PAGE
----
Forbes: Nik Cronin, DV ( and Belinda Edmonstone, DV (

Producers are strongly encouraged to use WormTests as an incredibly useful tool to be monitoring worm egg counts in their various mobs of sheep at this time. WormTest results for our area are showing as expected that barber's pole worm is an ongoing problem, but also that scour worms are present.

WormTests can also be used to monitor the general effectiveness of drenches on your property. Conduct a worm test on a mob of sheep, and where a drench is required then conduct a second WormTest 14 days after the drench is given — this procedure is called a DrenchCheck. Worm eggs persisting after the second drench are a cause for concern and indicate a level of resistance to the drench that was used.

Recently an investigation into mortality in young sheep who had only very recently been drenched showed a high worm egg count — unfortunately drench resistance appears to be a significant issue on this property. Conducting a DrenchCheck each time you use a new drench type can pick these problems up earlier.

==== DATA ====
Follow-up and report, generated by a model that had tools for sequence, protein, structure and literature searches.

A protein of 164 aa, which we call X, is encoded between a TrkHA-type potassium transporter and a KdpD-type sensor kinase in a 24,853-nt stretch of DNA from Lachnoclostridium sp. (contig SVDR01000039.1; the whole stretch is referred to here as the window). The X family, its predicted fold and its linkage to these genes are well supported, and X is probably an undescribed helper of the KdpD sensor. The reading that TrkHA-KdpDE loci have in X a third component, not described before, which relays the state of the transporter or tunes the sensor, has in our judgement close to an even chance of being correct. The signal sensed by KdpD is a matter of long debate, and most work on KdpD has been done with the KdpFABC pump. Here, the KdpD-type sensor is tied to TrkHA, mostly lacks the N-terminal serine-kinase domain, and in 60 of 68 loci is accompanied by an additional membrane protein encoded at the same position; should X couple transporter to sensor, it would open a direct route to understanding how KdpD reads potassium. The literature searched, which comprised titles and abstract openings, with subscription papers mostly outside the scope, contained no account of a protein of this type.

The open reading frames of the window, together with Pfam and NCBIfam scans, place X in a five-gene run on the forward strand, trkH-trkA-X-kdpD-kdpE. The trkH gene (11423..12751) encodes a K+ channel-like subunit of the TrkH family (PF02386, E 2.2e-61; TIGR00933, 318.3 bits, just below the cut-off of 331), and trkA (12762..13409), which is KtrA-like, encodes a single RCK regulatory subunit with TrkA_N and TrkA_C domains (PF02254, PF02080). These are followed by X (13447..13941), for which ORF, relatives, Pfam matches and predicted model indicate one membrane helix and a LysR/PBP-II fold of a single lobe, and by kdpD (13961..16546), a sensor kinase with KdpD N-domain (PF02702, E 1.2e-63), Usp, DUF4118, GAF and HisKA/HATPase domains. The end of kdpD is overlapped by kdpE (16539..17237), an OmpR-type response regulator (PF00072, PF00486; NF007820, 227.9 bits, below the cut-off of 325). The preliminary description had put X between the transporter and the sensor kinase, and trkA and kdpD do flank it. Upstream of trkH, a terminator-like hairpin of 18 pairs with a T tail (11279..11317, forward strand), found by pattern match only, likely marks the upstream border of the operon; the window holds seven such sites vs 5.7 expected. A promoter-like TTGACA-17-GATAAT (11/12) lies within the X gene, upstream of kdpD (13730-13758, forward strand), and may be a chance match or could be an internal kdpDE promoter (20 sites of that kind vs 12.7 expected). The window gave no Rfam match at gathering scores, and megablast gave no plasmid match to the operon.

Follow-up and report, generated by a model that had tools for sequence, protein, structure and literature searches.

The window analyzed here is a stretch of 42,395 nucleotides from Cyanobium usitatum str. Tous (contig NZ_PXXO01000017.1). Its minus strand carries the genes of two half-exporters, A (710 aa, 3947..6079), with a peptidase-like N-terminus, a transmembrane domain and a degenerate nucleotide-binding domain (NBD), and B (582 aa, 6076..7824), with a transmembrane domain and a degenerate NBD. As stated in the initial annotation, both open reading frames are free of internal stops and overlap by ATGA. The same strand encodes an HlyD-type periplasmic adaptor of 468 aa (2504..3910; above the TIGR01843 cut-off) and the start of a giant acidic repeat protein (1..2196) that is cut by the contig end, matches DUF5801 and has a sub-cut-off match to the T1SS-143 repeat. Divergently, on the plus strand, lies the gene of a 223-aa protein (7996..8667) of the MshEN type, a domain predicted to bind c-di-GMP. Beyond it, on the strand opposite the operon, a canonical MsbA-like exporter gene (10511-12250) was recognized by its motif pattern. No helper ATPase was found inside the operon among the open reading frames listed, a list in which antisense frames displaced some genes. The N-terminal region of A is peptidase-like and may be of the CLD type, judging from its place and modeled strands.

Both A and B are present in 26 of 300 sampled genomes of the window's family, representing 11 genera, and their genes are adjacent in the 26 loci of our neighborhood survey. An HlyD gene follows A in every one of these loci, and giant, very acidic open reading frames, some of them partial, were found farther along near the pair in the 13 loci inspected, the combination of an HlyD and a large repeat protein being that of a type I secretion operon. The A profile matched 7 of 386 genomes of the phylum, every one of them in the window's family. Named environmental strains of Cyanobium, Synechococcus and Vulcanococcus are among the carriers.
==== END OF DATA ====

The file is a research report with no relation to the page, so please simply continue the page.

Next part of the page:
It is very easy to conduct a WormTest, and the results may tell you that a drench is not required, saving you money and time, as well as minimising the use of drench chemicals and potential development of resistance. We have WormTest kits stocked at all our Central West Local Land Services offices.

Nyngan: Kelly Wood, DV (

With the recent drop in temperature that allows larvae to survive longer on pasture, and the heavy rainfall a few weeks ago that is likely to have resulted in many worm eggs developing to larvae, all producers should be planning to conduct a WormTest on their sheep by the end of the month. Most producers are either lambing or joining spring-lambers at the moment, which means that there is a high proportion of ‘at-risk’ stock in the district. At-risk animals have a reduced immunological ability to moderate their own worm burdens, due to either physiological stress, such as lambing ewes or joining rams, or immune system immaturity in animals less than 18 months old. Not only are these animals at a greater risk of suffering health complications as a result of worms, they drive higher levels of pasture contamination which then exposes other stock to greater worm burdens.